One of the study’s co-authors, Jonathon Passmore, technical officer for road safety and injury prevention at WHO in Vietnam, told IRIN that five years after the law’s passage, “limited information” shows the law continues to reduce head injuries, but that the percentage of riders wearing helmets is down, while use of low-quality helmets is increasing.

WHO is finalizing a hospital survey of road injury patients dating back to 2006 to determine the impact the helmet law has had on road deaths and injuries.

Low-quality helmets

For the government’s National Traffic Safety Committee vice-chairman Nguyen Hoang Hiep the large number of low-quality helmets is attributable to “lack of the state clamping down, and [the] psychology of riders.”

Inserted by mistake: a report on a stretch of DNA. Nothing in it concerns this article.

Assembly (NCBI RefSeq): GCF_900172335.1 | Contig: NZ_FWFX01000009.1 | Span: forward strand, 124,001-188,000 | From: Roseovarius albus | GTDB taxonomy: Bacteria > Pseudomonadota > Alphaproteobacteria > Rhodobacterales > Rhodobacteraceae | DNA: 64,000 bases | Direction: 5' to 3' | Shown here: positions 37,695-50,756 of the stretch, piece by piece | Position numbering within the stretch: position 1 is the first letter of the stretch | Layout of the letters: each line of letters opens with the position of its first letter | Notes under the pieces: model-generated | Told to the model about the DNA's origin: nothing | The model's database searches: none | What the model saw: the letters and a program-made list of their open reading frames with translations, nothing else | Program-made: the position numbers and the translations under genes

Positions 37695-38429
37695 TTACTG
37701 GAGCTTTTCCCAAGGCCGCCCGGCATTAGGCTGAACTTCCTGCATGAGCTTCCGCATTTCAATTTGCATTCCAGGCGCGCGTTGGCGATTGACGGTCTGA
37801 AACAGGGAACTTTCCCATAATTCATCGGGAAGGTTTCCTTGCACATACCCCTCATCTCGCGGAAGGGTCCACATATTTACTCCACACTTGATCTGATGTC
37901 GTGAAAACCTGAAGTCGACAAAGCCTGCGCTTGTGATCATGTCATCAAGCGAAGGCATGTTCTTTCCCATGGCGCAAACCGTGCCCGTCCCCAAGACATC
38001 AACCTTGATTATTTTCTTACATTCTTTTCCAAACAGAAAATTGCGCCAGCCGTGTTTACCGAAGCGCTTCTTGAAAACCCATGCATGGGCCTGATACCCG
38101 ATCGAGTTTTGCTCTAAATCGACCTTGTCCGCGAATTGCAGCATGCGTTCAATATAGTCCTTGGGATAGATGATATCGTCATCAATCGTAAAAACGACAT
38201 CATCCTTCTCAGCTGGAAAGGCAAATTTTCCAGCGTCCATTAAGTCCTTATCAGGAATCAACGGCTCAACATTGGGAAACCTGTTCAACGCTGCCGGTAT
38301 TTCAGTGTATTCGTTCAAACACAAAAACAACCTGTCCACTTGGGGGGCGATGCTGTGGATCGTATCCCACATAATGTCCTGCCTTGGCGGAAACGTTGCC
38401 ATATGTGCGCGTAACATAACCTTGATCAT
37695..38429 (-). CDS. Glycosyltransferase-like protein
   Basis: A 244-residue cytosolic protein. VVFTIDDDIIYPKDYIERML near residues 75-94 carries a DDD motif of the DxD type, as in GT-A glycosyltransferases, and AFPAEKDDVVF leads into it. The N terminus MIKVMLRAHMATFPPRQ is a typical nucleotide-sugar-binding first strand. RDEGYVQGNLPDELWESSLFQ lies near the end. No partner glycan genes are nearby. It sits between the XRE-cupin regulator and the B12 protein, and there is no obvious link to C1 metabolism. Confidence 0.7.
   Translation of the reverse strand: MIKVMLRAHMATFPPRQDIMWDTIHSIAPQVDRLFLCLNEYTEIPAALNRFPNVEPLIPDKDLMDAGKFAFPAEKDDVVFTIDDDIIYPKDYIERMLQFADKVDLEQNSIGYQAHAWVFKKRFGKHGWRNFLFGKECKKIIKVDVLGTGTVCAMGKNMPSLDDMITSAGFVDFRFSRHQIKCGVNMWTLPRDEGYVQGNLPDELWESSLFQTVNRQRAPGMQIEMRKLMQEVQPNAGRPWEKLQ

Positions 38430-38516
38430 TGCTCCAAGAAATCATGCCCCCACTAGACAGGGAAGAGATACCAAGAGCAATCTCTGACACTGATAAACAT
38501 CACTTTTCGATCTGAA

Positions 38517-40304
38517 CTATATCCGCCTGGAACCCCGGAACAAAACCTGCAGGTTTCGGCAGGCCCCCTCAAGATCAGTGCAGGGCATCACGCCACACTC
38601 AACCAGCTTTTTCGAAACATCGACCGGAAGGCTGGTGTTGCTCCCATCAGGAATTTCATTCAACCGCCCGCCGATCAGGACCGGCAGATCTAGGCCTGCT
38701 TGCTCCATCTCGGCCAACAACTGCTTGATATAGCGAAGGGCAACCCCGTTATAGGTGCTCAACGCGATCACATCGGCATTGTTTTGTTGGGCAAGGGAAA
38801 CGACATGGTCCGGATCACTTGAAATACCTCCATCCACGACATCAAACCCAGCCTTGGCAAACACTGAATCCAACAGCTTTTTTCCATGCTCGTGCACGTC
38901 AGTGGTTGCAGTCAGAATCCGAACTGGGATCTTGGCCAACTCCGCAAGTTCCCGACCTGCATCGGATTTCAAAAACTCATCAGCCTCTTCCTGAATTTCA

As of May 2011, Vietnam’s Ministry of Industry and Trade has certified 444 helmets from some 80 manufacturers. But this has not stopped vendors from selling “helmet-like” gear, said Hiep. “A vendor simply says that an [uncertified] helmet is not intended for motorbike use, but rather is just a hat for going out. The state cannot fine the seller in this case because it is not like the vendor has hung out a sign saying `motorcycle helmets for sale here’. [The vendor] can argue that it is not his responsibility how people use their purchases. The state’s hands are then tied.”

According to recent WHO market research, of 80 helmets purchased new in Hanoi that were marked with the state certification label, 54 percent did not pass safety tests.

For Greig Craft, president of the Asia Injury Prevention Foundation (AIP), a US-based NGO in Hanoi, counterfeit helmets have become a “hot” commodity and need to be outlawed just as fake medicines have been. “Like anything in the developing world, the counterfeiters have got into the business. The regulatory system is not working. But you would need an army to gather up unsafe helmets,” he said.